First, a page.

|Lynne Cox, author of Swimming to Antarctica and South With The Sun|
Colin talks to author Lynne Cox about the relationship between writing, endurance, and highway transportation systems
CGB: In reference to swimming across the English Channel, you mentioned never wanting to do the same thing over and over again. How do you feel about stop-and-go traffic?
LC: That's why I live in California, so I can drive on the freeways.
It took you 7 years to write South With the Sun, and 21 to write Swimming to Antarctica, which you began writing on a typewriter and finished on computer. Do you prefer one over the other?
Each book has its own method. The way I wrote Swimming to Antarctica was chronological, but then Grayson was just sitting down to write this "One day..." story, and then [South With The Sun] was me weaving stories through time and place and theme, which was so different than what I'd done before. So, your question was... what?
Well, your answer is more interesting than my question. But some writers have strong opinions about, for example, writing on a laptop as opposed to a pad of paper.
What I learned is that I'll start by writing longhand. When I know that I'm ready to do it, I'll start writing, and the first two or three or four paragraphs will be constant writing, and then I'll sit down and start writing it on the computer, because I don't think writing longhand anymore is good for me. Now, I can just go from brain to computer.
You spoke of invoking a "presence of mind," while swimming alone in the dark at 1 in the morning or above a baby whale. Does that presence of mind necessary for enduring such mentally and physically demanding states and situations serve a purpose in the process of writing a book?
Absolutely. That's such a great parallel, because you have to maintain the storyline, you have to keep going in a forward direction, because if you don't, you lose yourself and you lose the story. And there's nothing worse than to be in the middle of... "I finally figured out what I need to write here," and then somebody calls you. Because you know that that whole thing you've figured out in your brain now that you're just about ready to write... you're thinking as you're going along, and now that thought is gone, and it just drives me nuts.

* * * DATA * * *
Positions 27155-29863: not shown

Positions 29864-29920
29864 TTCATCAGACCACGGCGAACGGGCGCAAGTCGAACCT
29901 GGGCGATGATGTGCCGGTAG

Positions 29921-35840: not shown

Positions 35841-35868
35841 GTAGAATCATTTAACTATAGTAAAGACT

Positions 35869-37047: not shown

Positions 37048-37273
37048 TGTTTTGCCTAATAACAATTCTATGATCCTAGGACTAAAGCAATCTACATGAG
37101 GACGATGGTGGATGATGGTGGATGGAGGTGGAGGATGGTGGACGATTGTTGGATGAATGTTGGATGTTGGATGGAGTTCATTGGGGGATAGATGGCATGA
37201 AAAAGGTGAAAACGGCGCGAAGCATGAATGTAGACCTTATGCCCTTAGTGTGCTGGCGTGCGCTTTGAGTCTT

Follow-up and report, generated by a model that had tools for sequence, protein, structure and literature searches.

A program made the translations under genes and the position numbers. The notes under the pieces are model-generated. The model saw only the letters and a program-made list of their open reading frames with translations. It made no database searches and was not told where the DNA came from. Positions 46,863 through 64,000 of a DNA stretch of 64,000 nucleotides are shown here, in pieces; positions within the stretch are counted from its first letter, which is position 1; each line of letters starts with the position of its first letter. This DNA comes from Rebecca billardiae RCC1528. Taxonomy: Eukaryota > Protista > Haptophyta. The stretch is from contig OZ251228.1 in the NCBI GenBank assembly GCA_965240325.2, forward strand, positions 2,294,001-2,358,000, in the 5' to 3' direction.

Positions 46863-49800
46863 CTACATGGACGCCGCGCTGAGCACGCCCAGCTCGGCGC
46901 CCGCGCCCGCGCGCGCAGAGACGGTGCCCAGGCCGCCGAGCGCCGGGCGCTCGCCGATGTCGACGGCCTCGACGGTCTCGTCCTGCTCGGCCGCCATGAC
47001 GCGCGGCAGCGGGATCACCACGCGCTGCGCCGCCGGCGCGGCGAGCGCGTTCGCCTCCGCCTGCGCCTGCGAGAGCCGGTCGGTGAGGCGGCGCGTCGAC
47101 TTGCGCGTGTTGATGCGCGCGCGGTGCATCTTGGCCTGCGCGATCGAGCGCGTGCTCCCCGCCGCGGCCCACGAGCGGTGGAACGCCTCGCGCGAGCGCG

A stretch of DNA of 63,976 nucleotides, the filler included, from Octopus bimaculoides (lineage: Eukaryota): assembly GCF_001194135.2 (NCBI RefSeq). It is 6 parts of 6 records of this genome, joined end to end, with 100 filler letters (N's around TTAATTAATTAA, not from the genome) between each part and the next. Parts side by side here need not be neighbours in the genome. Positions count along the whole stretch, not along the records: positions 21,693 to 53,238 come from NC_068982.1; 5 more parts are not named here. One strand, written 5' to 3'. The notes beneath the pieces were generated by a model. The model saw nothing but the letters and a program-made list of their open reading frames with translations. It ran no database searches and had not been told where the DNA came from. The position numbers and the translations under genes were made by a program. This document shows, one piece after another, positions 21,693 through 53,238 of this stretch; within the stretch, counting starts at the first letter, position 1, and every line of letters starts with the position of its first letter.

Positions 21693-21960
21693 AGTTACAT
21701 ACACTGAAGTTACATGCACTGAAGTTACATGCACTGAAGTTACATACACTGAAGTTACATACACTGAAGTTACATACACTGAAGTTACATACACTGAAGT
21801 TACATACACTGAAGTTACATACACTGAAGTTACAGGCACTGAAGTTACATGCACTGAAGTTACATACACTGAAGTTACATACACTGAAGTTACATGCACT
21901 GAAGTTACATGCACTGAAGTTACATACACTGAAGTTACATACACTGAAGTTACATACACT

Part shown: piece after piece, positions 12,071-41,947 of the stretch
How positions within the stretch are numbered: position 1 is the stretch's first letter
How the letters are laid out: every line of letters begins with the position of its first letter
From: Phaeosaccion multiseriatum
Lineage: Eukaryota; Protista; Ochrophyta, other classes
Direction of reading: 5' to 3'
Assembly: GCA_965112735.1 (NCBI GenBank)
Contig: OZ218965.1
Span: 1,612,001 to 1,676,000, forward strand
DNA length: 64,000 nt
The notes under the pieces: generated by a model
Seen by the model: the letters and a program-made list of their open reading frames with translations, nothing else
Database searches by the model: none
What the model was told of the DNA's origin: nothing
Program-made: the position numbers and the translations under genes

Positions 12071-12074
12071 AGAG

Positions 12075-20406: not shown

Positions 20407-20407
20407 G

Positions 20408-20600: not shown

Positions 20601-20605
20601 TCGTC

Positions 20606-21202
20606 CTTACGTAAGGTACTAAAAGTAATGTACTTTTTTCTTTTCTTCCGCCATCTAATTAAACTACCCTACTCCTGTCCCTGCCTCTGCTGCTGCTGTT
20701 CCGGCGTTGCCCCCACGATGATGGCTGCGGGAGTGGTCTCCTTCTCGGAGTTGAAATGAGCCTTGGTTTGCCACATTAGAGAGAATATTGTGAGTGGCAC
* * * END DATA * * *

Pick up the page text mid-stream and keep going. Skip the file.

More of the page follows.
So you value preparation and endurance when it comes to thinking?
Exactly, and seeing a thought all the way through. That's why I don't write poetry. I'm a long writer. I write books. But that whole sense of being right there in the moment as you're writing it, that's what I really try to do. That's why I love when people say, "When I read about your swim in Greenland, I felt like I was right there." That's the best that I could ever hope to write: that I could take somebody and make them feel like they're right there in that moment.
It sounds like you're saying there's an association between length and longevity and the ability to focus.
Yes. And I learned, like swimming short distances in very, very cold water, the intensity of that focus is probably what got me through it. And the long distance swimmer is like the long distance novel or nonfiction writer. It's a book, not a novella.
You seem to like the cold. Have you considered writing a book about or in Minnesota. Perhaps one titled, Living in Saint Paul?
I hadn't thought about that. But I keep hoping that one day I'll get to swim across Lake Wobegon.